The Georgia Board of Pardons and Parole has denied clemency for death-row inmate Troy Davis.
Davis was convicted of the 1989 killing of Savannah, Georgia, police officer Mark MacPhail. He is scheduled to be executed by lethal injection at 7 p.m. Wednesday at a state prison in Jackson, Georgia.
Davis' case gained momentum with the support of Amnesty International, ex-President Jimmy Carter and Archbishop Desmond Tutu, among others, calling for clemency to be granted.
However, the Georgia Parole board denied Davis clemency once before. And the board has never changed its mind on any case in the past 33 years.
The high-profile case has again brought the death penalty back into the spotlight. So we're taking a look at the current state of the death penalty, the clemency process and specifically the statistics in Georgia.
Death penalty statistics:
- More than 3,200 inmates in 36 states are awaiting execution. The U.S. government and U.S. military also have approximately 67 people awaiting execution.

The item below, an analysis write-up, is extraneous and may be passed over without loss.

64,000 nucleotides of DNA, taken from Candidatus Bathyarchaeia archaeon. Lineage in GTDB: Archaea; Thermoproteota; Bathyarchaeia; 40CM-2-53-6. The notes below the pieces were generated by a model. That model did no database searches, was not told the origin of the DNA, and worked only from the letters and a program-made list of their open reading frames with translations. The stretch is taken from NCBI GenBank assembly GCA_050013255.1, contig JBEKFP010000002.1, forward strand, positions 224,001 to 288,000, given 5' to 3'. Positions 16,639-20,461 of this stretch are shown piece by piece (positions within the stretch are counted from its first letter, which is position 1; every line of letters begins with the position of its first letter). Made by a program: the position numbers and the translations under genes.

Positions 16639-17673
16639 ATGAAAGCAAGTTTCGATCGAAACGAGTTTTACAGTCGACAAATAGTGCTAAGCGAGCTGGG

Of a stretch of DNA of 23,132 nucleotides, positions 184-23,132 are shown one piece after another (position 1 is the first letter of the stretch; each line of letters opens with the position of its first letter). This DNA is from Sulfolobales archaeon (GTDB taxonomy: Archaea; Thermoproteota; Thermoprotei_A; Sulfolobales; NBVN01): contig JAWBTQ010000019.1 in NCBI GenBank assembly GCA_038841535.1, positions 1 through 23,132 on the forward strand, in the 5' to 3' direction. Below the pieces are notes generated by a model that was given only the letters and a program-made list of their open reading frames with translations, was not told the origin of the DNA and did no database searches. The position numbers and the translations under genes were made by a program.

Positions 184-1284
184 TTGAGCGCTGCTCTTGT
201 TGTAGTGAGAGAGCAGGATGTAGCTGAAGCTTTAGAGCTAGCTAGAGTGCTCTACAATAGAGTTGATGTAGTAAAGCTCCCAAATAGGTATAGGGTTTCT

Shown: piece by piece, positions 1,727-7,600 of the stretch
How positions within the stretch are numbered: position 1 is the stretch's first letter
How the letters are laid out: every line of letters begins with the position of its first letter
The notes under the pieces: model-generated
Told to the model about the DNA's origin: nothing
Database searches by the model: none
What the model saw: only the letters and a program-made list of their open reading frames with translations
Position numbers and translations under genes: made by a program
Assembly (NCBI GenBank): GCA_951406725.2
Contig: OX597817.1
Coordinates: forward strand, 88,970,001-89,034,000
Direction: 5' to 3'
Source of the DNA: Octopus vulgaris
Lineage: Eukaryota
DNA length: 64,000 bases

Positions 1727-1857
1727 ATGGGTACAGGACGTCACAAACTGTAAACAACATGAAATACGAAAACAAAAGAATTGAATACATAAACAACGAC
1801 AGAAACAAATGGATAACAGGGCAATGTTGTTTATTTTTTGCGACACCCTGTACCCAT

- As of September 18, 2011 – 1,267 people have been executed in the U.S. since 1976, when the death penalty was reinstated.
- Capital punishment is legal in 34 states.
- The legal methods of capital punishment are lethal injection and the electric chair.
- 35 states use lethal injection. New Mexico abolished the death penalty in 2009; however, two prisoners remain on death row and will be executed by lethal injection.
- The state of Nebraska used the electric chair as its sole method until February 2008, when the Nebraska Supreme Court ruled that it was unconstitutional.
- Japan is the only industrial democracy besides the United States that has the death penalty.
- 268 clemencies have been granted in the United States since 1976; 187 were in Illinois.
- Over 75% of the murder victims in cases resulting in an execution were white, even though nationally only 50% of murder victims generally are
- A 2010 national poll of registered voters conducted by Lake Research Partners showed growing support for alternatives to the death penalty compared with previous polls. A clear majority of voters (61%) would choose a punishment other than the death penalty for murder, including life with no possibility of parole and with restitution to the victim’s family (39%), life with no possibility of parole (13%), or life with the possibility of parole (9%).